I picture an unbroken horse.
It’s still—at least for the moment—and staring me down with its massive, sloping head. Its eyes flicker and a shudder of muscle runs down its body. I move carefully because I know the animal is liable at any moment to explode into movement, and the last I’ll see is a flash of incredible power as it crashes away, hooves sparking off into the dark.
This is the image I conjure when I think about my own heart. And it’s the image that occurred to me over and over as I read Jonathan Parnell’s new book on prayer, Mercy for Today: A Daily Prayer from Psalm 51.
You may understandably ask, “What does an unbroken horse have to do with your heart, or with prayer?” I’d answer: only everything.
Mercy for Today: A Daily Prayer from Psalm 51
Do we just need God’s grace in dark and shameful moments? Are prayers for mercy only for those times when we really mess up? Jonathan Parnell says we need God’s mercy all the time. In fact, contrary to many church cultures, Parnell shows that asking God for mercy should be as regular as asking God for our daily bread.
Primer on Prayer
Parnell sees prayer as the bridge across the gap between the head and the heart:
Even if our emotions don’t line up, even when it seems like everything in our lives is falling apart, our mouths can still join the chorus of God’s adoration. We can say true things without feeling them. . . . In other words, we can lead our hearts with our mouths.
Parnell’s book is a tight concept: how to pray a short, daily prayer based on Psalm 51.
Of course, it’s about a lot of other things, too. It’s about our desperate need for God’s mercy, why it’s OK to ask for the emotional experience of joy, the core need for God’s presence, and plenty more. All of this grows out of his tracing the contours of David’s prayer in Psalm 51.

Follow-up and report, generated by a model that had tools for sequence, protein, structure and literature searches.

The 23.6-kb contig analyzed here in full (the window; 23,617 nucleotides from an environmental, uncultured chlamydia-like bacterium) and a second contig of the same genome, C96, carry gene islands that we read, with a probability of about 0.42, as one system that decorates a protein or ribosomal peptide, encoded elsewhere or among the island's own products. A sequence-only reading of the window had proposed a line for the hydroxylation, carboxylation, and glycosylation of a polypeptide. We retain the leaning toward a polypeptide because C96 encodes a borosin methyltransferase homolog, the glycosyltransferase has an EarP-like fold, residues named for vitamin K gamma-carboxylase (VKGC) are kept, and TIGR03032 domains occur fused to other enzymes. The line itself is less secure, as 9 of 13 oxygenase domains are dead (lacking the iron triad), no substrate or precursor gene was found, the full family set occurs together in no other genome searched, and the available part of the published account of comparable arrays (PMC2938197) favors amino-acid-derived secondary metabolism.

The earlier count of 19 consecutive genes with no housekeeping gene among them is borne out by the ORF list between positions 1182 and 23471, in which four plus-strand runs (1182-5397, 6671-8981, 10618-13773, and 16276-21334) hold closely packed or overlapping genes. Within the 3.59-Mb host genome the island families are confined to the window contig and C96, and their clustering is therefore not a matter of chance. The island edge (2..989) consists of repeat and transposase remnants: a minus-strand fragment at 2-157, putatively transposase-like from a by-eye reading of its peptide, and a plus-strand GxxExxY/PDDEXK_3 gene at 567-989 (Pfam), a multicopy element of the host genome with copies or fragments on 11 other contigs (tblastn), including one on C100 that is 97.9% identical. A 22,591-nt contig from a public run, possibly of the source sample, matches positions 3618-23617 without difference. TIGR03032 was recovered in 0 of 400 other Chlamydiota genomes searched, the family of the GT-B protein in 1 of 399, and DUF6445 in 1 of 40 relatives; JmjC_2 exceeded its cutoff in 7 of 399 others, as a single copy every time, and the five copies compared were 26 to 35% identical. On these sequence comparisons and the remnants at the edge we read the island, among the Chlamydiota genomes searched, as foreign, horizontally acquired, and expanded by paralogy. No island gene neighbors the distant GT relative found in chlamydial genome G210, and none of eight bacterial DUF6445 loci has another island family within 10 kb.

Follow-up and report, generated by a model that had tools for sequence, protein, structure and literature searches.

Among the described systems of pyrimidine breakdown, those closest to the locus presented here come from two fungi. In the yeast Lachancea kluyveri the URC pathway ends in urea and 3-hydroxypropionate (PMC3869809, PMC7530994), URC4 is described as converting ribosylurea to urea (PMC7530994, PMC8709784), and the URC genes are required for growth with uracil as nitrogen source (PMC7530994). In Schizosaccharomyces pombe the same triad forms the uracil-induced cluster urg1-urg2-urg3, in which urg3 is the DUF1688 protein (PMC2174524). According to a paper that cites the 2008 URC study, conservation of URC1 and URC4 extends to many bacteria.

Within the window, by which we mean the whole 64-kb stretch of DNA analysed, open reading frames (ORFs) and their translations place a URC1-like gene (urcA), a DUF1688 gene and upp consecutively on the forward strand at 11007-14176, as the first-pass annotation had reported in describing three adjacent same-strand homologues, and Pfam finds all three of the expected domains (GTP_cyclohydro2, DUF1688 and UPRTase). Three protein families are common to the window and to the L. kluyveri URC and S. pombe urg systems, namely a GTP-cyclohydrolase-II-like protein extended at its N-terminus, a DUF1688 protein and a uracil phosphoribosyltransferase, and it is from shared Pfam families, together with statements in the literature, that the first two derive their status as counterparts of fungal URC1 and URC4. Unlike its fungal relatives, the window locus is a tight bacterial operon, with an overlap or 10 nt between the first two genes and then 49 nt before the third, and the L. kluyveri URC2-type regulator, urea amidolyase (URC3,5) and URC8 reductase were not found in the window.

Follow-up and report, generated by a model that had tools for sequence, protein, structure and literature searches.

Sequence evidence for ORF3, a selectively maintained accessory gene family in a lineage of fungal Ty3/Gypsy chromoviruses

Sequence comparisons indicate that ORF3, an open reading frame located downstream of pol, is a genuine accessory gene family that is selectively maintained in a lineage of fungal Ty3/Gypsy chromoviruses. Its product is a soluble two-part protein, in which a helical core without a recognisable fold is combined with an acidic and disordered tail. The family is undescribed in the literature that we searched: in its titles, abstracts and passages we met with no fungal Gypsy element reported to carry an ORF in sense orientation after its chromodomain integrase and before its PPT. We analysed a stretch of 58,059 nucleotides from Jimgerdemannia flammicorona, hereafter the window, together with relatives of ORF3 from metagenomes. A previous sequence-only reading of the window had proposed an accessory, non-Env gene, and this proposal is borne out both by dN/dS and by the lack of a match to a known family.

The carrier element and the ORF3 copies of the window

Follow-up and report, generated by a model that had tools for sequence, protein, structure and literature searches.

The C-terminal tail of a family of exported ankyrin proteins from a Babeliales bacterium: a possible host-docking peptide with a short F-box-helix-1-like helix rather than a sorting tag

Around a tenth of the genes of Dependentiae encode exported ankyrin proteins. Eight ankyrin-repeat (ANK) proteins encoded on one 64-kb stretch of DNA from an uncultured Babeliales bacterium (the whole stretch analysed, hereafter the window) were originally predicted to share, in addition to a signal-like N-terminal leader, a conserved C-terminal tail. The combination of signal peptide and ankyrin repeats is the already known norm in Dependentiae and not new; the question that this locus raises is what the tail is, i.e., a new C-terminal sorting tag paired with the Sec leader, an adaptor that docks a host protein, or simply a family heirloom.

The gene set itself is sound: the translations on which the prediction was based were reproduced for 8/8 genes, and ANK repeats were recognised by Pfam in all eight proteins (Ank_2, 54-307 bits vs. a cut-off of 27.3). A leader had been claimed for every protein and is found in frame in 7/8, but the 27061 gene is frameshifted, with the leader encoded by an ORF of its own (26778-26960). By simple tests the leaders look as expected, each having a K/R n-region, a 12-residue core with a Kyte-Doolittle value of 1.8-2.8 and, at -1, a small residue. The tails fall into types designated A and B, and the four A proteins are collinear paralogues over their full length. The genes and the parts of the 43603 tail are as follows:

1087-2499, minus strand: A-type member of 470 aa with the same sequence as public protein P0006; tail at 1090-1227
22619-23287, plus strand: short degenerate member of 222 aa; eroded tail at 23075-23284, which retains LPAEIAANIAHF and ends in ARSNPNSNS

You should pick it up and read it for a lot of reasons. It’s pleasantly compact and accessible. It has some great nuggets on praise, confession, melding our experience with God’s truth, and a few tasteful nods to John Owen and some other great thinkers.
But Parnell is at his best when he writes about the human heart, especially when he quotes Pascal: “The heart has its reasons of which reason knows nothing.”
Parnell finds a way to drop into Pascal’s theme a couple of times throughout the short book, and each time with a similar thesis: we should use prayer to lead the heart. Without prayer, we can’t trust where it goes.
We should use prayer to lead the heart. Without prayer, we can’t trust where it goes.
I always thought I’d finally grow into a person who prays as I became more pious and well-behaved. I had in mind some older and steadier version of myself, bowing his head in delighted duty. I was totally wrong.